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EU outlines plan for clean tech future boosted by subsidies
The European Union pushed forward on Tuesday with a major clean tech industrial plan which not only should keep the continent in the vanguard of plotting a greener future but also guarantee its economic survival as it faces challenges from China and the United States.
European Commission President Ursula von der Leyen presented the outlines for her "Green Deal Industrial Plan" that will make it much easier to push through subsidies for green industries and pool EU-wide projects that are boosted with major funding as the EU pursues the goal of being climate neutral by 2050.
"We know that we have a small window to invest in clean tech and innovation to gain leadership before the fossil fuel economy becomes obsolete," von der Leyen said.
At the same time in Germany, climate protests resumed Tuesday over the destruction of a small village to allow expansion of a coal mine, as the country strives to boost its energy security amid the cut in Russian gas supply.
Von der Leyen used a speech at the World Economic Forum in Davos to say that on top of feeding its own industry, the 27-nation bloc will become much more forceful in countering unfair trading practices, if they come from Washington, or more importantly, Beijing.
"We see aggressive attempts to attract our industrial capacities away to China and elsewhere," she said.
And as it is trying to wean itself of an overdependence on Russia energy since the war in Ukraine started almost a year ago, the EU doesn't want to become as dependent on China for rare earth materials, which are critical to the development of battery storage, hydrogen and wind energy.
"We have a compelling need to make this net-zero transition without creating new dependencies," von der Leyen said.
Even if the EU has gripes with both Washington and Beijing about being squeezed out of their markets, von der Leyen came down much harder on China in her speech, underscoring she still has hopes of making amends with the Biden administration—with which the EU sorely needs to stand shoulder to shoulder in opposing Russia.
In Brussels too, where EU Trade Commissioner Valdis Dombrovskis had talks with his U.S. counterpart Catherine Tai, both went out of their way to play down the EU's complaints about the $369 billion U.S. Inflation Reduction Act.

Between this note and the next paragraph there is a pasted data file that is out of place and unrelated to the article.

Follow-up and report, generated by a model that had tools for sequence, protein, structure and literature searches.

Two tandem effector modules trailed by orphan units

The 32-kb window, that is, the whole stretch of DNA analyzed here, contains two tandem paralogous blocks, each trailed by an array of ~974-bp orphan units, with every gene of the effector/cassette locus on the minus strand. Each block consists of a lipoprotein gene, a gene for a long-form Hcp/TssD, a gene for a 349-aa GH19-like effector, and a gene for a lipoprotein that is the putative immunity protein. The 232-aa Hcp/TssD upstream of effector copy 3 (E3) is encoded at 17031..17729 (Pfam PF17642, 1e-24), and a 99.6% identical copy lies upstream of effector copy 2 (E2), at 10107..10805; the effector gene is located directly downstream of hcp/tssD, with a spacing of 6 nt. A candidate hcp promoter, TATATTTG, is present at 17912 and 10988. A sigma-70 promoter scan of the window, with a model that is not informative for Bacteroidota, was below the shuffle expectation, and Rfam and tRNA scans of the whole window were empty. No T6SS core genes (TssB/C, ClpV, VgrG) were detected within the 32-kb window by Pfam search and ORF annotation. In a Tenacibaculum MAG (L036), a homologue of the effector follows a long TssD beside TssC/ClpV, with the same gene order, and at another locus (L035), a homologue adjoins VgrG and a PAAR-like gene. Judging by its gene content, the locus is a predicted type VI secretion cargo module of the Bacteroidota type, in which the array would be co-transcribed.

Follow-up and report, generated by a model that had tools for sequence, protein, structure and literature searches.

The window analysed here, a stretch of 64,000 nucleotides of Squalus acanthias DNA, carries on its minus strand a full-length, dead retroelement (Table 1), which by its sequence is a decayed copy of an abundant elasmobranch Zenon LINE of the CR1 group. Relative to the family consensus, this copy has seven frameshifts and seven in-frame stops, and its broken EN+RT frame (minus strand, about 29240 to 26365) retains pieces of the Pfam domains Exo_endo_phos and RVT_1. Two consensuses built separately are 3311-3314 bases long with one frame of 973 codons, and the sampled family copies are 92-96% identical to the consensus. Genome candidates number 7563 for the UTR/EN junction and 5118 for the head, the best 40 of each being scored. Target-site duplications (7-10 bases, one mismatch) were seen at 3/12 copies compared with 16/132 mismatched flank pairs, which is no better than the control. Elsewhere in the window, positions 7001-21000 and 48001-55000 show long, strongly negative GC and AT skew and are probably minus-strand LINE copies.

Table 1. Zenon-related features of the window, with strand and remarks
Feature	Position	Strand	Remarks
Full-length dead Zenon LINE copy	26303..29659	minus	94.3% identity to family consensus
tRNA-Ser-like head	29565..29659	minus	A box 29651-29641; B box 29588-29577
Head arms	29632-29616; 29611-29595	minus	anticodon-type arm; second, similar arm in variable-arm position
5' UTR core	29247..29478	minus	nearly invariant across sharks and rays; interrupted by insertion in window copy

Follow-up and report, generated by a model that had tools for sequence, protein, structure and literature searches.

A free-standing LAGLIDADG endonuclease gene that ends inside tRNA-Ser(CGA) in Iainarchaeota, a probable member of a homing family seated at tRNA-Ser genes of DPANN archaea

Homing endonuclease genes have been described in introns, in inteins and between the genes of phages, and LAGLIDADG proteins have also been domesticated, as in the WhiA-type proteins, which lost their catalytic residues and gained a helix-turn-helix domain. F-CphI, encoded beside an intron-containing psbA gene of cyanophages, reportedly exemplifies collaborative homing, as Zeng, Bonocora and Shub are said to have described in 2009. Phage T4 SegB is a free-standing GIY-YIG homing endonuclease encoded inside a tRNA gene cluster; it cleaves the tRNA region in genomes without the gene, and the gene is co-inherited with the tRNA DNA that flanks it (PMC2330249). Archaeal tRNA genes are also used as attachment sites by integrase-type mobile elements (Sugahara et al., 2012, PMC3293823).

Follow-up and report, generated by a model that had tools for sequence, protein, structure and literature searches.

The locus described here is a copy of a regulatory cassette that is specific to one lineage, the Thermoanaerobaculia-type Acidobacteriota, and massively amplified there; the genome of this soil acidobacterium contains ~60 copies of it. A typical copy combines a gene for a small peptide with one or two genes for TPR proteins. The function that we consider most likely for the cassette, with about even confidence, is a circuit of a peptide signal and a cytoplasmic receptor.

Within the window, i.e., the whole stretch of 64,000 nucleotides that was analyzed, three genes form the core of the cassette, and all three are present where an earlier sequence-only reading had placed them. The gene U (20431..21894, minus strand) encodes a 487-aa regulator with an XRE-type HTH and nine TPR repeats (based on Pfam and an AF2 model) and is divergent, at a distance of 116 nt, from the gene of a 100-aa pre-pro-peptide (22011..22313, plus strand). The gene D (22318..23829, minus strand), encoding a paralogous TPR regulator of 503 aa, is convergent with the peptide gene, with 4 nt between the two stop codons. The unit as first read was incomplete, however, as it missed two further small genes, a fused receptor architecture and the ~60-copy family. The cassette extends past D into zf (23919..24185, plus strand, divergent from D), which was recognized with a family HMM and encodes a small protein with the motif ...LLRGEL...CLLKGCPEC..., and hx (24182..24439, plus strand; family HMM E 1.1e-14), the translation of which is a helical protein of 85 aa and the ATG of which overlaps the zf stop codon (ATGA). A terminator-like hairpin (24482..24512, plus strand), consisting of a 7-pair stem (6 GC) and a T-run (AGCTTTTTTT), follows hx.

"Going our own way is neither efficient nor desirable. Instead, we should create economies of scale across the Atlantic and set common standards," Dombrovskis said.
Von der Leyen's plan will now become the key driver for debate among the EU's member nations before their 27 leaders meet for a Feb. 9-10 summit on the issue. Before such a plan becomes reality, the EU needs to find a balance on the ability of economic juggernauts like Germany and France to splurge state aid and, on the other side, grant funds to small member states, which have no such firepower.
No specific figures were mentioned, but going on what the United States is putting in its U.S. Inflation Reduction Act and how the EU already waved through 672 billion euros ($727.5 billion) in aid to allow member states to deal with the impact of the war in Ukraine, any EU commitment will be massive.
Many EU leaders saw the U.S. act as an attempt to cut European firms out of the lucrative American market for clean energy technology like electric vehicles and excessively favors a "made-in-America" approach that discriminates against European multinationals.
In a letter to EU member states, European Commission Vice President Margrethe Vestager wrote last week that the U.S. plan "risks luring some of our EU businesses into moving investments to the U.S."
It underscores a continuing unease in the EU that it will become irrelevant in the economy of the future, as it is squeezed by the U.S. and China.
"As a union, we are not living up to our full economic potential. Our productivity lags behind and fewer and fewer of the biggest firms on the planet are EU-based," Swedish Prime Minister Ulf Kristersson said.
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